Paramount to allow local groups to seek additional funding

Wave Staff Report

PARAMOUNT — Service clubs wishing to conduct community-wide events may request additional funds from the city if the group has already used its currently allocated $5,000.

In a report to the City Council June 8, Community Services Director David Johnson said that the $5,000 allocation was approved by the council in 2016 to encourage community groups to conduct “community or cultural events, open to the public, at a city facility, that is not otherwise offered by the city and is not a fundraiser for the organization.”

The policy provides that any Paramount service club is able to request funding for the event from the City Council through the community organization funding process, Johnson said in his report.

The council voted to revise the policy to allow community organizations to request additional funds, if necessary.

Johnson said an example of the revision might be  two groups planning a traditional observance to honor dead friends and relatives in November, but have already exceeded their $5,000 cap.

Plans to help community groups conduct events and thus save the city money, began eight years ago, Johnson said. The policy began after the loss of redevelopment funds in 2012 and the subsequent strain on the city’s general fund.

The council reviewed and adopted a funding policy that established criteria for evaluating funding levels for groups funded through the community promotion budget.

According to Johnson’s report, there are three types of groups that receive funding through the community promotion budget. They include organizations that provide direct aid to residents such as food or hospice services, youth sports leagues and service clubs.

Other groups, like the Tepic Sister City organization and nonprofits like the 999 for Kids Foundation, were allotted a specific allocation related to event costs.

Johnson said funding requests from service clubs must demonstrate that the funding is not being used to create a fundraising opportunity to support the club’s general operations, but is being used to offset costs incurred by the event after any revenue stemming from the event is calculated into the profit-loss analysis for the event.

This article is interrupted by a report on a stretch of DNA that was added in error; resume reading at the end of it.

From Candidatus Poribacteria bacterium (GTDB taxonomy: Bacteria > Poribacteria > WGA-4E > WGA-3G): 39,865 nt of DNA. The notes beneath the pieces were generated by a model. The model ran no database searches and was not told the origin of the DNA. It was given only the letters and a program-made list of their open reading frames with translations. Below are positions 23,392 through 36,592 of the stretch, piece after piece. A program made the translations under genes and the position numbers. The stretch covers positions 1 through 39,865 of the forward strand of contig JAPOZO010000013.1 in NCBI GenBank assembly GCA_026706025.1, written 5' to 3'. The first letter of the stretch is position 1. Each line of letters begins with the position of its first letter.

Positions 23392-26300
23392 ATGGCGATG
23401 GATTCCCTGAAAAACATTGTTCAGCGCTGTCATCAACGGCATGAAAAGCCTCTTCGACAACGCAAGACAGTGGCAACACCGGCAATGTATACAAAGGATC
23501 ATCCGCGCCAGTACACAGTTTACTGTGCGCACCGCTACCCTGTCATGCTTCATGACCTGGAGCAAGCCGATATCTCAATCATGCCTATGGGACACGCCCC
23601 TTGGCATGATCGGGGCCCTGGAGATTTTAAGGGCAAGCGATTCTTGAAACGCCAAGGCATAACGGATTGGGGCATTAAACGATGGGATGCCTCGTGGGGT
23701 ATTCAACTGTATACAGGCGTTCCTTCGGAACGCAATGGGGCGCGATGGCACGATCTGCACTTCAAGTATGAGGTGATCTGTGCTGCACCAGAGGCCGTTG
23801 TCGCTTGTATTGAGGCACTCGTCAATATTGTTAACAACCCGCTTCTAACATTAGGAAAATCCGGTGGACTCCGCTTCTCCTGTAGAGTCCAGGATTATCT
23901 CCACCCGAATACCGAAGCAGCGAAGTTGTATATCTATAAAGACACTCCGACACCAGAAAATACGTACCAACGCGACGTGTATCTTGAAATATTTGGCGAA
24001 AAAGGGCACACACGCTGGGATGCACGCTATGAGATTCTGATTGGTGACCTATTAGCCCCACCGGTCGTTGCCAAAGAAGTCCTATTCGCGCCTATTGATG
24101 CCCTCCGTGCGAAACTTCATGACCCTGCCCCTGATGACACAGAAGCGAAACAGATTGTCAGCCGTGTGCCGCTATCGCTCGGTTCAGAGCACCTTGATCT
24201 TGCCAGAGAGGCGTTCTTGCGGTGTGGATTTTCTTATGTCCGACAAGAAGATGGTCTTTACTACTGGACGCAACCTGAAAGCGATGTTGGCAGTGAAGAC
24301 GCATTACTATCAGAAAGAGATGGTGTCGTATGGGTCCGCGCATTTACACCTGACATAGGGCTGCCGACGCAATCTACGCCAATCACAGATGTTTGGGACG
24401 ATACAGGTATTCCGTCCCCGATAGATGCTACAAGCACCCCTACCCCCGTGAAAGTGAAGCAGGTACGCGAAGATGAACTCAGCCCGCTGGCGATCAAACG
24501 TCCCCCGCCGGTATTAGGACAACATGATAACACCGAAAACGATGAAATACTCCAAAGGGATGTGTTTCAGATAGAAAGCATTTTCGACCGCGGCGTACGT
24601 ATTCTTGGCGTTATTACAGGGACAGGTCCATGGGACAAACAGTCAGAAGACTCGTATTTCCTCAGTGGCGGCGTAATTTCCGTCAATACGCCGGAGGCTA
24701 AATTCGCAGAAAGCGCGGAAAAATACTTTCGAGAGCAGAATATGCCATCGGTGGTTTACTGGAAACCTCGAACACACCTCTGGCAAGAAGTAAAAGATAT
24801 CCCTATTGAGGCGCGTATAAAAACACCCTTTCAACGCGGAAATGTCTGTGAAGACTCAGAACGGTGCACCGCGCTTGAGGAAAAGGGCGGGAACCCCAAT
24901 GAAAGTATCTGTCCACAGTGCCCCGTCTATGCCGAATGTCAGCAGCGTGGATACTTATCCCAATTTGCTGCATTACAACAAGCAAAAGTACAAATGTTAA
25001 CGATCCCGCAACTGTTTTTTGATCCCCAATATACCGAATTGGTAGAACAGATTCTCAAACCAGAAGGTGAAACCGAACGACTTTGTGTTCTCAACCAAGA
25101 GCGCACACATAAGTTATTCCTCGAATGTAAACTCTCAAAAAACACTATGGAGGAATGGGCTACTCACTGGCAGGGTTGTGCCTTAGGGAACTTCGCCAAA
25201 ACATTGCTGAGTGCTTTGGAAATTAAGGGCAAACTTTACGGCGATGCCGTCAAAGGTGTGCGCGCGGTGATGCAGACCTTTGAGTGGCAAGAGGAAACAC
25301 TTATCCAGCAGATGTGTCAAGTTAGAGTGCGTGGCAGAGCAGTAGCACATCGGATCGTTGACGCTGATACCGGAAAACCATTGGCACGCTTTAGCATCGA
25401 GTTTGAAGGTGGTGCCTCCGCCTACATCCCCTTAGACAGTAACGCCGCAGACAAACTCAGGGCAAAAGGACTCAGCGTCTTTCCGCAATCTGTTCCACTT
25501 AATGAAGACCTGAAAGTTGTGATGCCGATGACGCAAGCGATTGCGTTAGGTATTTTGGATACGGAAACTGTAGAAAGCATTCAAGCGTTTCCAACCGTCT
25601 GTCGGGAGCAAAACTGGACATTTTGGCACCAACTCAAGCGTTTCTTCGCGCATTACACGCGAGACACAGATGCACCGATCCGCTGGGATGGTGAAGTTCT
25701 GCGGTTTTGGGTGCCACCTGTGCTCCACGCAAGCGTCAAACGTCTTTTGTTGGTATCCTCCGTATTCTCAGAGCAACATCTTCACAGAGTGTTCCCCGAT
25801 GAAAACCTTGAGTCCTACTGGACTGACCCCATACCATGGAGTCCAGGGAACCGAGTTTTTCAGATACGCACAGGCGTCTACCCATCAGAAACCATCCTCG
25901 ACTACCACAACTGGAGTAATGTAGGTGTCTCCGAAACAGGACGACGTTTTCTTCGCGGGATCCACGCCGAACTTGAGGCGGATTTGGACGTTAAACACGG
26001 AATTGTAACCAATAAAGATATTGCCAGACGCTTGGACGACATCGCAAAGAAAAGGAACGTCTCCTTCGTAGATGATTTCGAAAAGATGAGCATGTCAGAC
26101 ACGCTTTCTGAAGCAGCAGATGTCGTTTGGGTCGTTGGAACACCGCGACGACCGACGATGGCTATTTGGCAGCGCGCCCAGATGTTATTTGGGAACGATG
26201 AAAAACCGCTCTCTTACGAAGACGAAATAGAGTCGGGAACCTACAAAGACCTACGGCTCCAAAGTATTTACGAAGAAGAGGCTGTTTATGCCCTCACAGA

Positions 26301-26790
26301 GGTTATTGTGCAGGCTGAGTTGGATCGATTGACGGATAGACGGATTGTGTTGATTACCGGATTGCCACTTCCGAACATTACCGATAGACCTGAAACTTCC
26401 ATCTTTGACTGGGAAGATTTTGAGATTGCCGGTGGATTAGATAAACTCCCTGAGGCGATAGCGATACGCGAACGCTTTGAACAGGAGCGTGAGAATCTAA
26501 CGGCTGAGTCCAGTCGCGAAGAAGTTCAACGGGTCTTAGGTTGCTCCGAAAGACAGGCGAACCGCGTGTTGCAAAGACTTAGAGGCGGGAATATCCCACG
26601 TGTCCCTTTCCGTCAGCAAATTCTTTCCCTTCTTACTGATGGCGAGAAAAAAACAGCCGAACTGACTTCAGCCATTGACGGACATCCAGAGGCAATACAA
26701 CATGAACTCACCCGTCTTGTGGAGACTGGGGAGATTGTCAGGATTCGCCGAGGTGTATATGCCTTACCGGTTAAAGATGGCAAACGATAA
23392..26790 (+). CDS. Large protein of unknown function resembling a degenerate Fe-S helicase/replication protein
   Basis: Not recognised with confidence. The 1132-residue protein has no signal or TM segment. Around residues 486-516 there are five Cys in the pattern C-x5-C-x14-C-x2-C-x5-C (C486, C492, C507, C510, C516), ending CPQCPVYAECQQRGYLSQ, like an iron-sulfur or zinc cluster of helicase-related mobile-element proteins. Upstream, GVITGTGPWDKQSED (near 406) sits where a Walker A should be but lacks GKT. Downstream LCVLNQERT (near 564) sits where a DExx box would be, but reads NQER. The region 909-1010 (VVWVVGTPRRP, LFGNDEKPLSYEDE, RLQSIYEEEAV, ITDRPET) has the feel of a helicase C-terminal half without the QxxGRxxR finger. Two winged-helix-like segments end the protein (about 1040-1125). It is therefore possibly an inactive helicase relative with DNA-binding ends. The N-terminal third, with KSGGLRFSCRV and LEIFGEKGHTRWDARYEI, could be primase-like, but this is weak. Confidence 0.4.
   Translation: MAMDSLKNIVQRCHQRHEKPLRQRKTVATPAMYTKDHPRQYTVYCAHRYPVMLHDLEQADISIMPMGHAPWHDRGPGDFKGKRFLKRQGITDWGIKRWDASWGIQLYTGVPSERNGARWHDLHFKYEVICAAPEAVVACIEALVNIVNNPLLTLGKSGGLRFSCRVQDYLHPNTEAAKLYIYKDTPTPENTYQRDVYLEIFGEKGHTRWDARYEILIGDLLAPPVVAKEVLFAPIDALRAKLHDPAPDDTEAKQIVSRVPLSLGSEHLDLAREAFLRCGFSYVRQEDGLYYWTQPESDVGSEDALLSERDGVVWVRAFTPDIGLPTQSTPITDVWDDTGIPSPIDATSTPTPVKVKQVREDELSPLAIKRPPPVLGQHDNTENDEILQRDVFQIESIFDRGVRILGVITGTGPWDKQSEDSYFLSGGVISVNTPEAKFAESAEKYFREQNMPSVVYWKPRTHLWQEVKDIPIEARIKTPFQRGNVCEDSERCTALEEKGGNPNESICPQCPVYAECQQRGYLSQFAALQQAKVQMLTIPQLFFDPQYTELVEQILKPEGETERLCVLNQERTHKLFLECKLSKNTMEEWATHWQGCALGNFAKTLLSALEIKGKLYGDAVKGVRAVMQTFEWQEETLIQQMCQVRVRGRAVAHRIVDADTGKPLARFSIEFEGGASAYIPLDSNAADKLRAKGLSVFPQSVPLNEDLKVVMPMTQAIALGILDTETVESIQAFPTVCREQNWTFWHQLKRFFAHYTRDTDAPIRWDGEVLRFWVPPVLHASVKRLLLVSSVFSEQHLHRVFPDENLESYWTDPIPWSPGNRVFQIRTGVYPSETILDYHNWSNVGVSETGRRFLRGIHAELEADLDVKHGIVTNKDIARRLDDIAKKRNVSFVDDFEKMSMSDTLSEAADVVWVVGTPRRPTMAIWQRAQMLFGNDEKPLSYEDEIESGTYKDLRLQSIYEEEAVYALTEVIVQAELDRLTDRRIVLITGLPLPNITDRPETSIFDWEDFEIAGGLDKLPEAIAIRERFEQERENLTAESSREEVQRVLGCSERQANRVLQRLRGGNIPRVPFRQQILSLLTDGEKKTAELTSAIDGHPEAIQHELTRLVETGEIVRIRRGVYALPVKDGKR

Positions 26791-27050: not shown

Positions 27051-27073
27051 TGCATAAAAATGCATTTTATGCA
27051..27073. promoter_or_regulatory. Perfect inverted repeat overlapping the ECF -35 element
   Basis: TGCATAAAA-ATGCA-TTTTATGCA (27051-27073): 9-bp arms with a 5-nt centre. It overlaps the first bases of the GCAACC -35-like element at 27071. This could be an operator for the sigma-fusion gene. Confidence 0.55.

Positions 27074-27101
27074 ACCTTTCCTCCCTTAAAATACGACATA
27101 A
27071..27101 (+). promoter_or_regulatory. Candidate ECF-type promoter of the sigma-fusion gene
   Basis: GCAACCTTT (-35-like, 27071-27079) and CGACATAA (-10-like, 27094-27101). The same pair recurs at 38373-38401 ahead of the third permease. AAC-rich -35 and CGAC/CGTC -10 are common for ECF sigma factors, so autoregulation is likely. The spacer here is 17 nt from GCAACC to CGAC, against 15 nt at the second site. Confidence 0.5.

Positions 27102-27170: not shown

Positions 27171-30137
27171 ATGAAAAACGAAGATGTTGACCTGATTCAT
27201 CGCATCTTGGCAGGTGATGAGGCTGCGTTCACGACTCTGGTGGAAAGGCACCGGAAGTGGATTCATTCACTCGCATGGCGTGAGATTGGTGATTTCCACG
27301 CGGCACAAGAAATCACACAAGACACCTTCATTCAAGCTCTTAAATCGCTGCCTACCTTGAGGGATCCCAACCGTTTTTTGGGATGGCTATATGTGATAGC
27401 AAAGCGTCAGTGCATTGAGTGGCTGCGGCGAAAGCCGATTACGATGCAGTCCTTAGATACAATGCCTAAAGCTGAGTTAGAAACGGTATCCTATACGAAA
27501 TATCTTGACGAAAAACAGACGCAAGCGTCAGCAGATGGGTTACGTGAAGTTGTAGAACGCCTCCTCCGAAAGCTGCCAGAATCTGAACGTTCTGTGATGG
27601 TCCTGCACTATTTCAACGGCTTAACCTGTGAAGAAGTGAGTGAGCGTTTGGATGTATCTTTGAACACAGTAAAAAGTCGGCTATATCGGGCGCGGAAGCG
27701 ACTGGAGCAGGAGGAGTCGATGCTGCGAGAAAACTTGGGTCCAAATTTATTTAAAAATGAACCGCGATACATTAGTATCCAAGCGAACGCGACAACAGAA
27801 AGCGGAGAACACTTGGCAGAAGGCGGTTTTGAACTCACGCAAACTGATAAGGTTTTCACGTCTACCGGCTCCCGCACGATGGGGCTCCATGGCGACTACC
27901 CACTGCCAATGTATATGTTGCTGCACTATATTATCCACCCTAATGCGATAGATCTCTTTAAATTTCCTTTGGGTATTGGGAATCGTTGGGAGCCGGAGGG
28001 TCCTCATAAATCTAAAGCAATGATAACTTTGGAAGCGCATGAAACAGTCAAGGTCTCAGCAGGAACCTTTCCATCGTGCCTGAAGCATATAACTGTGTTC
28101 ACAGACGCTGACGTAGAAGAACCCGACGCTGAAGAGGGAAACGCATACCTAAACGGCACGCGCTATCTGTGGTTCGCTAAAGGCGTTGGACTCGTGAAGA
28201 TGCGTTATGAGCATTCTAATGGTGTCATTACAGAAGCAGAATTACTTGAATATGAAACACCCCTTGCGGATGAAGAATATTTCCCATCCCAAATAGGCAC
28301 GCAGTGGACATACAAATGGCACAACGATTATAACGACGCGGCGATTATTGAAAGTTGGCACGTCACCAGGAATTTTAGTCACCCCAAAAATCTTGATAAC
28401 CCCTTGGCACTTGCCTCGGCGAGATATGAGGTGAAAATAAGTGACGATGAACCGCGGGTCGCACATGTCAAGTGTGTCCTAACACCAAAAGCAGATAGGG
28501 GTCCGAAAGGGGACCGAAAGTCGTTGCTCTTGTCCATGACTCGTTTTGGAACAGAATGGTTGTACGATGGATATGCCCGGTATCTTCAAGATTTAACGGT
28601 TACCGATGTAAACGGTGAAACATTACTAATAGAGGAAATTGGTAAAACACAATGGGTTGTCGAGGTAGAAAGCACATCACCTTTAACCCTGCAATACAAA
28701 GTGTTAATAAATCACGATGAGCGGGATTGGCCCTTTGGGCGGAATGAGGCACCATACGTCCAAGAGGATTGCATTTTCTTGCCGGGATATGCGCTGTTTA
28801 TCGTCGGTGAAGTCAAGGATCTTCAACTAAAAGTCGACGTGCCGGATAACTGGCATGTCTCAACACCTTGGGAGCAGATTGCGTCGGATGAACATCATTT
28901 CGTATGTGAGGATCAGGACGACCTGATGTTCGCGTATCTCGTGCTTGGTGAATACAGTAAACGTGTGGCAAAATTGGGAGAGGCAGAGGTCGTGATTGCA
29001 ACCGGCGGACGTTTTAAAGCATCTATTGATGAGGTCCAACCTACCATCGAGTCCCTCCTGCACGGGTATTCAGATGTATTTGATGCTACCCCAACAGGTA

One example cited by Johnson is the Latinas Art Foundation, which took over the annual art show at the city’s request from the former Traditional Artists Guild. Johnson said that program was already capped at $5,000.

Should the Latinas Art Foundation wish to request additional funding for an eligible community or cultural event in the city, they would be unable to do so because of the existing cap.

Johnson said Latinas Art Foundation is currently collaborating with Tepic Sister City to plan and conduct a cultural event this November around the traditional Día del los Muertos (Day of the Dead) observance at Progress Plaza.

“This event essentially replaces Tepic’s Día del los Muertos event formerly held at Paramount Park but is more expansive in terms of cultural elements and activities and, thus, more financially intensive,” Johnson told the council.

“Tepic has pledged its traditional allocation of $1,500 for the event that is part of their annual funding from the city. However, neither Latinas Art Foundation nor Tepic are able to request additional funding to support the event because both have reached their funding cap,” Johnson said.

He noted the city is supportive of its service clubs providing additional community or cultural events that provide social outlets for residents and support the connection of these nonprofits to the community.

“It would be beneficial for the City Council to revise the current community organization funding policy to provide the opportunity for additional funding to Paramount service clubs to allow them to conduct additional approved community and cultural events in the city,” Johnson added.

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